Though we share a fondness for the Canary Islands, I have never met Ruth Knudsen.
I heard her talking to Stephen Nolan on BBC Radio 5 Live from Tenerife on Friday night. She was not intending still to be on the largest of the Canary Islands, but – along with 150,000 other travellers – her travel plans were torn up by the closure of Gatwick airport.
As you may know, departures and arrivals on the world’s busiest runway were halted for 33 hours between Wednesday night and Friday morning after drones intruded on the airfield.
Ms Knudsen was booked to fly back on easyJet on Friday. But many of the airline’s Gatwick-based planes had been scattered to the four corners of the kingdom during the Wednesday night diversions. Hers was one of the 50-plus flights cancelled after the runway reopened while easyJet positioned its aircraft back to Sussex.
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As a place to be stranded on midwinter’s day, the largest of the Canary Islands beats an overcrowded concourse at Gatwick. But her description of the circumstances matched my previous experiences of cancelled flights.
“The communication has been very, very poor and it’s very unsettling,” Ms Knudsen told the presenter.
I imagine you could add “confusing” and “exhausting” to those descriptions.
But some other aspects of the interview surprised me.
“We were herded from one place to another to another,” she said, describing how staff dealt with the 150 passengers who needed overnight accommodation. “It was handled very badly.”
The airline is paying for the hotel and Ms Knudsen’s meals, but she said: “I felt kind of dumped in this hotel, really, a whole crowd of us last night.”
Yet from the perspective of easyJet staff, I think the unfortunate situation looks rather different. In a difficult day, they had to organise hotel rooms for a planeload of people, and the coaches to transport the passengers. They achieved both aims. While I have no doubt that a brisker pace and better communication would have improved things, I wonder if travellers need to adjust their expectations?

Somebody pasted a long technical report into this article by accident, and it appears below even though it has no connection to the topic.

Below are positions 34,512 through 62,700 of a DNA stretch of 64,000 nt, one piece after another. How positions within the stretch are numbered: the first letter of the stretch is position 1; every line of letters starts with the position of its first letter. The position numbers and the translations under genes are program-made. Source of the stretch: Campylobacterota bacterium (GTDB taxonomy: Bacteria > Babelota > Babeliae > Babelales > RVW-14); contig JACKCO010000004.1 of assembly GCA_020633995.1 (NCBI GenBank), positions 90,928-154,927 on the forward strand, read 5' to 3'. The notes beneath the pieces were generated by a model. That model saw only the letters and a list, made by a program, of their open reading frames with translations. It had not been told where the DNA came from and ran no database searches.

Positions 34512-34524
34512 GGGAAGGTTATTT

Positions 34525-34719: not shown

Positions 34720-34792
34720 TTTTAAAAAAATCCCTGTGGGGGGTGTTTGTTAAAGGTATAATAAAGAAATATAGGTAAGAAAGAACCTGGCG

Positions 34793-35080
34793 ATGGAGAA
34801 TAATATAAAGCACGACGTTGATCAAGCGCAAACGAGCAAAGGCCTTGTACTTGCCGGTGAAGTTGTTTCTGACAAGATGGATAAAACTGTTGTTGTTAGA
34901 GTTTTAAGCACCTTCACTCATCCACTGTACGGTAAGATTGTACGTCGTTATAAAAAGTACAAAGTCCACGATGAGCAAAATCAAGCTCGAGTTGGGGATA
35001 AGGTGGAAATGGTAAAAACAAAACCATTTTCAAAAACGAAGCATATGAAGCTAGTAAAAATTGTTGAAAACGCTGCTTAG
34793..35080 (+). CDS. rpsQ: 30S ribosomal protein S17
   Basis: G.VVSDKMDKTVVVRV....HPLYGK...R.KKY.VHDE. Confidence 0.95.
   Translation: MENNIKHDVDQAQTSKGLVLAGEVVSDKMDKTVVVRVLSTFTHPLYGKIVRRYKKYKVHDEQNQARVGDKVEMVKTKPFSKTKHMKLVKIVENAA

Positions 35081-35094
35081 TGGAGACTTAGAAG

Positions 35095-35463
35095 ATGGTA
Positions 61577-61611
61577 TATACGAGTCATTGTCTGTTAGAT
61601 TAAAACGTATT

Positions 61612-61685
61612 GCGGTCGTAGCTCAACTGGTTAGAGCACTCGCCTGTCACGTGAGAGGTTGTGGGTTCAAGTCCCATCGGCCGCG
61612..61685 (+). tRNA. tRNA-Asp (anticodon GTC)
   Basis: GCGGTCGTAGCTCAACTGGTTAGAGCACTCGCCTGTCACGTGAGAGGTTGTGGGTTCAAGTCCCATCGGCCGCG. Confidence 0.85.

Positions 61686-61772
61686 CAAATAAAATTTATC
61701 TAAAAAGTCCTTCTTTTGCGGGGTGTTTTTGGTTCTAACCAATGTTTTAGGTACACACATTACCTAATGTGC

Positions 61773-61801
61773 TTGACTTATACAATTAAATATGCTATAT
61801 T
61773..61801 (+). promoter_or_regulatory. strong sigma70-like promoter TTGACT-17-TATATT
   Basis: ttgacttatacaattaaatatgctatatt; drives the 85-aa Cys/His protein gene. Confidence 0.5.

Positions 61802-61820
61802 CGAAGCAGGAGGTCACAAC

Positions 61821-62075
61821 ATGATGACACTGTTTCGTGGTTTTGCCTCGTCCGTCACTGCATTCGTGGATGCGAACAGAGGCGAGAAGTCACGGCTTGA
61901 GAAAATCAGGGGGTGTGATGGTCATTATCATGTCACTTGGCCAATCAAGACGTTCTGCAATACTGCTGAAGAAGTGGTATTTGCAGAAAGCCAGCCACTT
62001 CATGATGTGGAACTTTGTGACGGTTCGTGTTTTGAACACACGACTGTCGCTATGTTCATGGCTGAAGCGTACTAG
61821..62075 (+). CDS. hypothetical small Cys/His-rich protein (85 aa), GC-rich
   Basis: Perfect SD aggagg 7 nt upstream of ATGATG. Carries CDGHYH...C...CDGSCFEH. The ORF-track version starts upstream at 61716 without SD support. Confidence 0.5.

Ms Knudsen was offered easyJet flights to Luton or Southend on Sunday, or to Gatwick on Monday. She chose Luton, and told 5 Live: “I’m not getting a flight back to Gatwick where my car is.
“I was told I won’t get transportation back from Luton.”
Without wishing to sound harsh, I would categorise that as a first-world problem. The train between Luton Airport Parkway and Gatwick takes 76 minutes and, assuming Ms Knudsen has a Senior Railcard (she broadcast to the world that she was in her sixties), the fare will be £9.50. Which, if she tries retrospectively, she can probably claim back, adding to easyJet’s losses of around £6m. This figure has been accrued partly through the “care costs” of looking after stranded passengers like Ms Knudsen, and partly through the loss of revenue from what should have been ultra-lucrative flights.
Diversions are also fearsomely expensive. On the same night, a WestJet flight from Toronto diverted to Glasgow, tried to fly on to Gatwick, but was beaten back to Scotland by the temporary reclosure of the airport.
While I don’t expect you to “pity the poor airline”, bear in mind that ultimately the passenger pays.
As Tim Jeans, former boss of Monarch and chairman of Newquay airport, said on the same programme: “That would have cost thousands and thousands of pounds, but nothing is for free.
“Eventually that will ripple through in the form of higher fares.”
This is an excellent time to escape the depths of the northern winter, and Tenerife’s proximity to the Tropics makes it bright and warm rather than bleak and cold. But experience shows that late December is not a risk-free spell for airlines – and passengers. Adjust your expectations accordingly.
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